Logo: nutrition

Practical Feeding Recommendations For Treats Handout

Practical Feeding Recommendations For Treats Handout

Practical Feeding Recommendations for Treats Overview

The nutrition handout has information about what treats and snacks are appropriate for your pet and when you should give treats.

Download

Download our Feeding Recommendations for Treats Handout for an in-depth look at this pet health condition and how you can partner with your veterinarian to prevent against it.

Feeding Recommendations for Treats Handout Summary


Pet owners can find a huge variety of treats for their dogs and cats. Before feeding your pet just any treat, you may want to consider the dietary and nutritional factors that accompany the food.
 
  • Are the treats specifically designed for dogs or cats?
Even though your pet may love people food, it’s best not to feed them scraps. Dogs and cats can’t handle the amount of calories in our food, leading to obesity or pancreatitis.
 
  • What is the purpose of the treats you’re looking to buy?
If you’re looking for snacks used in training, make sure they are soft and can be easily chewed.
 
  • Do you want treats that will improve your pet’s teeth?
If the treats are for dental health, you’ll want to research the product and make sure it will actually improve your pet’s teeth.
 

How should I treat my pet?

  • Treats are a reward.
Never give your dog or cat a treat to distract them from bad behavior, like barking. The treat will only reinforce his or her poor behavior.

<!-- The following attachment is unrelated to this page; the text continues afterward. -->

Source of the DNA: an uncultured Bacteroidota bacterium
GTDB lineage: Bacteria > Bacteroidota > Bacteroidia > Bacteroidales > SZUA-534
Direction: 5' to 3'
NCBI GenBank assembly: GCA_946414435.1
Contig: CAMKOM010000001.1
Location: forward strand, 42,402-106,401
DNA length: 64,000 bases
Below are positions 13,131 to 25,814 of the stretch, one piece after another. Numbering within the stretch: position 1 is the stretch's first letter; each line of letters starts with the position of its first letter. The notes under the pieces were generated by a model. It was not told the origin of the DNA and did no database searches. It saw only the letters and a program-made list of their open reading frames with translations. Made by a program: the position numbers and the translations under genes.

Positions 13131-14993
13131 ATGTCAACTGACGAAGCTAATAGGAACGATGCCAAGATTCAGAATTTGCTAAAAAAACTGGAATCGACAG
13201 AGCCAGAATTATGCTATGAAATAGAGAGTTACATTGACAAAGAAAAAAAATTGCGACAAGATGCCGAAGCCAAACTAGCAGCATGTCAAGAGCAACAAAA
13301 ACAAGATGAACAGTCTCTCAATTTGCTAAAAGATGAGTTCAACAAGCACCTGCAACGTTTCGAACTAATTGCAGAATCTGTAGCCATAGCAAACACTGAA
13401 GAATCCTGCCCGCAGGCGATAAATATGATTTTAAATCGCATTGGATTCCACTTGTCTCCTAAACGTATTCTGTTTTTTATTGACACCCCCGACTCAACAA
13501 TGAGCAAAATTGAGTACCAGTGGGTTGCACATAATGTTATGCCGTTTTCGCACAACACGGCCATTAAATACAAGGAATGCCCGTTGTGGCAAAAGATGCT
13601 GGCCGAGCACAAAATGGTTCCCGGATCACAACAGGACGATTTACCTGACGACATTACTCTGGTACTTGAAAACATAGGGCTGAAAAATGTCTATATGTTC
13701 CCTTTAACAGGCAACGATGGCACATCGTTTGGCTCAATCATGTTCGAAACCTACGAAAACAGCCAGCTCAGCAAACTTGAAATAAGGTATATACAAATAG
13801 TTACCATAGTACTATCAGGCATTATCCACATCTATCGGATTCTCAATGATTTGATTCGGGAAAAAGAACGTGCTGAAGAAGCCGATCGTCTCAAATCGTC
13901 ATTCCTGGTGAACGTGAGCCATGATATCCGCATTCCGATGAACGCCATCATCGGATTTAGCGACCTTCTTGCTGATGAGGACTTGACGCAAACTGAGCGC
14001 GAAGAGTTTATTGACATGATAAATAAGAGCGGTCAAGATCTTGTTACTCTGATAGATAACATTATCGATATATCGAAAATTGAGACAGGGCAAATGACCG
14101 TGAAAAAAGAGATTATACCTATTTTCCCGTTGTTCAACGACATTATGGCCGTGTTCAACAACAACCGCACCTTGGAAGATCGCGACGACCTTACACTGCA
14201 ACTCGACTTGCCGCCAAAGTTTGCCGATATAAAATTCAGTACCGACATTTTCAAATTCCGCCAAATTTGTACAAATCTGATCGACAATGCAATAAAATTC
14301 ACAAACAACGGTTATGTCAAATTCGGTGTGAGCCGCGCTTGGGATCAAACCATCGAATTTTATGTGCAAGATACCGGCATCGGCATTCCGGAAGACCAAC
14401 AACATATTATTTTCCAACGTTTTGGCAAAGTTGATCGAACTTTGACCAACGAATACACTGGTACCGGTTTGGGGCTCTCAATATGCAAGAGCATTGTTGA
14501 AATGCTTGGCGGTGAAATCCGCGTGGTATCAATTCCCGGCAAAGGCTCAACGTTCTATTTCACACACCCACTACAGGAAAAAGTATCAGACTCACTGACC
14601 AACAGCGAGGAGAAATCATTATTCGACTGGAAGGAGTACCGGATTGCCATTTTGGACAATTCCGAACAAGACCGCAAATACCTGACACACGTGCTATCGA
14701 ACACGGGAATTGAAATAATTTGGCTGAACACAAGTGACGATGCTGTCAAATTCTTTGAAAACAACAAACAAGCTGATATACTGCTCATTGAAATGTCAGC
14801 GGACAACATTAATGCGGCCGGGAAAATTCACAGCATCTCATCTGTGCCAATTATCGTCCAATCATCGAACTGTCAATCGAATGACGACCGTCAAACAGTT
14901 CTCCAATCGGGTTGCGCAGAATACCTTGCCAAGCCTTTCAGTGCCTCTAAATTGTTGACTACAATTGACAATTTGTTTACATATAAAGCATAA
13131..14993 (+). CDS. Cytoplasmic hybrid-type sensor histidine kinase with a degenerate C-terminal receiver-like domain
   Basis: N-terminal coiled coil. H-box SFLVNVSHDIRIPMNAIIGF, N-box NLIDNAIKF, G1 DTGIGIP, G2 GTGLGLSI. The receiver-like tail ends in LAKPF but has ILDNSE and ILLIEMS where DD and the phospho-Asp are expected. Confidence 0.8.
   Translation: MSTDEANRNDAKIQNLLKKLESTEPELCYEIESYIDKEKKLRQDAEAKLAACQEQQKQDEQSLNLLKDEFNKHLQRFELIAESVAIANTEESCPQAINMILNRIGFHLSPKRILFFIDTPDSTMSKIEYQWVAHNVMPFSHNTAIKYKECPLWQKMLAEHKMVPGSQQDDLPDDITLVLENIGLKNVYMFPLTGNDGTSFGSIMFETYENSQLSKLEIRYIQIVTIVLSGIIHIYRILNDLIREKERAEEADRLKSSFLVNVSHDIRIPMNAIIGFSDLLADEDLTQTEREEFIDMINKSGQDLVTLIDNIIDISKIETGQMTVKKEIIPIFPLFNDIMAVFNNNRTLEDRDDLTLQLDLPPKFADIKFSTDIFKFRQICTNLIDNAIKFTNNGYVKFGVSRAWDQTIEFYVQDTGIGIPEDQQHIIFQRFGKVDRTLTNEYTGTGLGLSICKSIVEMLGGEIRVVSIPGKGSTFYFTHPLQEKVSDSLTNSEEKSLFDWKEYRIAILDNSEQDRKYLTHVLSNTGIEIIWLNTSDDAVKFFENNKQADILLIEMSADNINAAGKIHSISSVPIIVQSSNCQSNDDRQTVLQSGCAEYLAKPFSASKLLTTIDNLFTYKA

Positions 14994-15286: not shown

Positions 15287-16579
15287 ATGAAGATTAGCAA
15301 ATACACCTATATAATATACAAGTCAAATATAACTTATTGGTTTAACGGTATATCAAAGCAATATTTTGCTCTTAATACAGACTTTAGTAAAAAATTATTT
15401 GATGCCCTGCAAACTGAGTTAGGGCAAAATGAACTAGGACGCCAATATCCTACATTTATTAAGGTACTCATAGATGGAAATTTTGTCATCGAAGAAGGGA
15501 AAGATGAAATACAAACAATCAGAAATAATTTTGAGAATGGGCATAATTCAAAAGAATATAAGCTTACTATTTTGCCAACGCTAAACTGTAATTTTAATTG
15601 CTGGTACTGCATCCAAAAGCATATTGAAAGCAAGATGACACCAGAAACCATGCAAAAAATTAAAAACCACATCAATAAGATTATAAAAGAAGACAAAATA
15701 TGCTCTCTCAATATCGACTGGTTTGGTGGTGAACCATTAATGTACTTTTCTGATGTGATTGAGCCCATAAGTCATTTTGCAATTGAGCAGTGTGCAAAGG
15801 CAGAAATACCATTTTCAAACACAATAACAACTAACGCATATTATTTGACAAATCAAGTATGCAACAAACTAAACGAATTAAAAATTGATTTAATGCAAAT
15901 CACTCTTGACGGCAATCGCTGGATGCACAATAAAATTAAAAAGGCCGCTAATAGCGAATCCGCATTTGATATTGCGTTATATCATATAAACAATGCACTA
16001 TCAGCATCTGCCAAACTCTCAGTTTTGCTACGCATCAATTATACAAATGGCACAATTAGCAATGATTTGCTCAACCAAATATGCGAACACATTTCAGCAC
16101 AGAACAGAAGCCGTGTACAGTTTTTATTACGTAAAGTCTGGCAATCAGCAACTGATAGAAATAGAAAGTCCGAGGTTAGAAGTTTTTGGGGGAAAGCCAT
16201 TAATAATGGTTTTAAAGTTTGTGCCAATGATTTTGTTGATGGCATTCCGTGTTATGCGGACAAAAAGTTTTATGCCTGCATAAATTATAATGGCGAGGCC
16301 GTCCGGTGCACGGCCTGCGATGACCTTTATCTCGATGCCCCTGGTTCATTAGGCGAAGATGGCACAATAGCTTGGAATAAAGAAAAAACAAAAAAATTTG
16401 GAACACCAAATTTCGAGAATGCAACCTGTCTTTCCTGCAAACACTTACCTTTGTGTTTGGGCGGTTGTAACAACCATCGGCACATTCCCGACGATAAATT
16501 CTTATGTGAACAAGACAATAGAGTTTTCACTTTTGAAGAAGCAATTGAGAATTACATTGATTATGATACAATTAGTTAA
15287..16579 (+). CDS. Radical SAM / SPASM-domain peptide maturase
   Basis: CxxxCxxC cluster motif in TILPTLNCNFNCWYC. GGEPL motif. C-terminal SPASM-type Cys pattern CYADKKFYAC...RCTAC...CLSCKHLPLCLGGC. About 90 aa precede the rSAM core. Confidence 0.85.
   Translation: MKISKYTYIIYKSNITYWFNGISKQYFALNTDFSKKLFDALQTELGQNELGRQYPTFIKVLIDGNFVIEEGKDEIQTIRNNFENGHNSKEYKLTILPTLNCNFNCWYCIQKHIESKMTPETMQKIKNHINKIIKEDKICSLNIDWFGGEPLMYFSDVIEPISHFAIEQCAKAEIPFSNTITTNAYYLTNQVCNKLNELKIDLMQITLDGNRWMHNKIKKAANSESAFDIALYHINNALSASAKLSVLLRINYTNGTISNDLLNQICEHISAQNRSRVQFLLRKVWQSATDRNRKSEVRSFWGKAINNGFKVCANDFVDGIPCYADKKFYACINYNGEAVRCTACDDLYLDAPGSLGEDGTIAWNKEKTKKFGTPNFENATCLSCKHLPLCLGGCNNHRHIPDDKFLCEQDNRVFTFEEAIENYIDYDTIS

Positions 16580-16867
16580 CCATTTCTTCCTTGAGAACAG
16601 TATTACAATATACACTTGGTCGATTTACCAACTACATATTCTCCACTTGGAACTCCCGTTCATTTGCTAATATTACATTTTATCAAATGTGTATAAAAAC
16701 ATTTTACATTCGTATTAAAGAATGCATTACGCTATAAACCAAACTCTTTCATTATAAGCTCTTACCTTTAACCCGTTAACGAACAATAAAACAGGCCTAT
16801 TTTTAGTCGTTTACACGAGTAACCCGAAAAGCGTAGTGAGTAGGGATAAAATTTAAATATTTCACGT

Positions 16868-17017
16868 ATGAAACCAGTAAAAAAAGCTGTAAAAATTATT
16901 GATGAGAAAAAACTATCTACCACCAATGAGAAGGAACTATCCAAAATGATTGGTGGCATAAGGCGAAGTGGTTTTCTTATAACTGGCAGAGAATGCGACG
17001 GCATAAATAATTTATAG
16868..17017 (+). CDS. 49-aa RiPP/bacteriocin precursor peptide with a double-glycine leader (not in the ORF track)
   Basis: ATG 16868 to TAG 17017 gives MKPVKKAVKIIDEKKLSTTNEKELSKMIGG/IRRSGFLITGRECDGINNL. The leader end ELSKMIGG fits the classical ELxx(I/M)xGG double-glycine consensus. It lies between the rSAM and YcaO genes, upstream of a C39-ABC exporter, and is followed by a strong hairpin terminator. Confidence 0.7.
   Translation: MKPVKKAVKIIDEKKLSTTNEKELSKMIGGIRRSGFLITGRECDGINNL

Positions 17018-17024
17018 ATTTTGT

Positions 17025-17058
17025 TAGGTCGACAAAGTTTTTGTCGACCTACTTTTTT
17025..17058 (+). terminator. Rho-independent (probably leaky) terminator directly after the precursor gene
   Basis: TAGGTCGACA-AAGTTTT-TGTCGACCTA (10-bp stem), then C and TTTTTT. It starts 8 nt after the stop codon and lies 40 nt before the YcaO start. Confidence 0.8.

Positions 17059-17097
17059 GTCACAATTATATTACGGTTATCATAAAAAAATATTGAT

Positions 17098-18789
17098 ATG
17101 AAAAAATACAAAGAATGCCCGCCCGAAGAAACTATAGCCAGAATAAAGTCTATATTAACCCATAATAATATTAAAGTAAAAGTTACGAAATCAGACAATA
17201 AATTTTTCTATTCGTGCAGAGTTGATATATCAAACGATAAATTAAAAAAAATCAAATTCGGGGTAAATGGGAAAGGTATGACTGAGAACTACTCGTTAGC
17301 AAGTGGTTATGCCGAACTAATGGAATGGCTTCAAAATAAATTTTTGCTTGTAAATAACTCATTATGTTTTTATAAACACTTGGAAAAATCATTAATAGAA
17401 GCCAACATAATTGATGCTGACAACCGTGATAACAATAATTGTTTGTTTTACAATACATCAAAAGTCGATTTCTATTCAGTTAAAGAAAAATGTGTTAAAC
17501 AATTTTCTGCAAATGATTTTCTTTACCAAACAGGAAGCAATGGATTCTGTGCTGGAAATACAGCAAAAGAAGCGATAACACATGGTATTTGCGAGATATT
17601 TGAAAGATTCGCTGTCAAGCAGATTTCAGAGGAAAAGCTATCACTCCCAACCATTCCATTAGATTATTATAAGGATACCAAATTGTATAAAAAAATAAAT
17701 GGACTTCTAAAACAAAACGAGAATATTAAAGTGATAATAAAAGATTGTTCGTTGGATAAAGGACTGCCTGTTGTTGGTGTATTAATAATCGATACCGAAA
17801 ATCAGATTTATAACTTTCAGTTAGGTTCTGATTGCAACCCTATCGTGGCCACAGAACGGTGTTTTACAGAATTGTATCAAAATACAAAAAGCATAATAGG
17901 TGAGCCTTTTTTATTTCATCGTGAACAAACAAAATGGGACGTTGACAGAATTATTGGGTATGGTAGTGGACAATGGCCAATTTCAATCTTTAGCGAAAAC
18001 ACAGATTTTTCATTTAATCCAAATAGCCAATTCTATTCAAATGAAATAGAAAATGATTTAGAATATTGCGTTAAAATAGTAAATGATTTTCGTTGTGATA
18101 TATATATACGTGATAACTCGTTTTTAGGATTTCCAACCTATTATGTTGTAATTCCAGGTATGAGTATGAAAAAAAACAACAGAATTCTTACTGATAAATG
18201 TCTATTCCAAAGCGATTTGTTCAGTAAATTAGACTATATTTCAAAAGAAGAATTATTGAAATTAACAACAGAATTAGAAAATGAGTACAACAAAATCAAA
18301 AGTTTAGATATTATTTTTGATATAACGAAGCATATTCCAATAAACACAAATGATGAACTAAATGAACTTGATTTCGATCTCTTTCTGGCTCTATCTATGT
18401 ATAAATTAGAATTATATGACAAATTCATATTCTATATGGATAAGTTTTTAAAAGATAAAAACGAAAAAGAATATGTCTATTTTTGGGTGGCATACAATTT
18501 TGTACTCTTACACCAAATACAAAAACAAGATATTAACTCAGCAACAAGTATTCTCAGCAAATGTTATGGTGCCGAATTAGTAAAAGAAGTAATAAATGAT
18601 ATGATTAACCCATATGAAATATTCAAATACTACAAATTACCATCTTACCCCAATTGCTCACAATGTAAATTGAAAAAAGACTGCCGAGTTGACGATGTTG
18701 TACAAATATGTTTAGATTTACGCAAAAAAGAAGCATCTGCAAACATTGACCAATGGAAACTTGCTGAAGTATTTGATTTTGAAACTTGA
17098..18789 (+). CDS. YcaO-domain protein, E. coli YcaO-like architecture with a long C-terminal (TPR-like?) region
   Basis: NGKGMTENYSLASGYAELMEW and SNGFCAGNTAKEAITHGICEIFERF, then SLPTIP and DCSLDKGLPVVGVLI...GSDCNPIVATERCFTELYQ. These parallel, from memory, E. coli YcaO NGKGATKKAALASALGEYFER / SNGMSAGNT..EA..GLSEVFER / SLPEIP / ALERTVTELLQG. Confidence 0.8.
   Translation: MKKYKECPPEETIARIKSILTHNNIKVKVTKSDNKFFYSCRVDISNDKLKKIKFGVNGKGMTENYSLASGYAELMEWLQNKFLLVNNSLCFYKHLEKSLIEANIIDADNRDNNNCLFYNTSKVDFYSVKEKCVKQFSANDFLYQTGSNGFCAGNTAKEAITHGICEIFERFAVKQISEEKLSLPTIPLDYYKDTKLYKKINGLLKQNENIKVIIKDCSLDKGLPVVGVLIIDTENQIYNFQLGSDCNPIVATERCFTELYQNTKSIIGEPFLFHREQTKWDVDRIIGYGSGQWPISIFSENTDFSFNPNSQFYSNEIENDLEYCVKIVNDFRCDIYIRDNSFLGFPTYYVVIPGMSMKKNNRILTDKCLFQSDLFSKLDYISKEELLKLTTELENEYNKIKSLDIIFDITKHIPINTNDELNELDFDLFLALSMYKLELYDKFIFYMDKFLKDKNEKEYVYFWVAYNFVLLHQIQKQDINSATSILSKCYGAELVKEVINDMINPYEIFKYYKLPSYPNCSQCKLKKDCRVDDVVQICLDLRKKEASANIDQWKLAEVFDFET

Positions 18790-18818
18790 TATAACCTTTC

• Treats are not to relieve owner guilt.
Don’t toss your pet a treat just to let yourself off the hook for coming home late or not having time to take your pet to the park.
 
  • Treats don’t have to be food.
If your looking to lower your pet’s calories, you can give treats that aren’t food. A belly rub or playing with a pet’s favorite toy can be considered a treat.


How many treats should I give my pet?

The amount of treats will vary a little between each dog and cat. No pet should be given more 10% of his or her daily caloric intake in treats. For example:
 
  • Your dog needs 1,000 kcal of energy each day.
  • Then, he shouldn’t have more than 100 kcal in treats.
  • Each of his treats is 50 kcal.
  • Your dog may have two treats each day.


Learn more

You can bring your pet to a local Banfield Pet Hospital to speak with a veterinarian about your pets diets and how many treats he or she could have daily. You can also explore our nutrition section on this website for more helpful information on pet diets.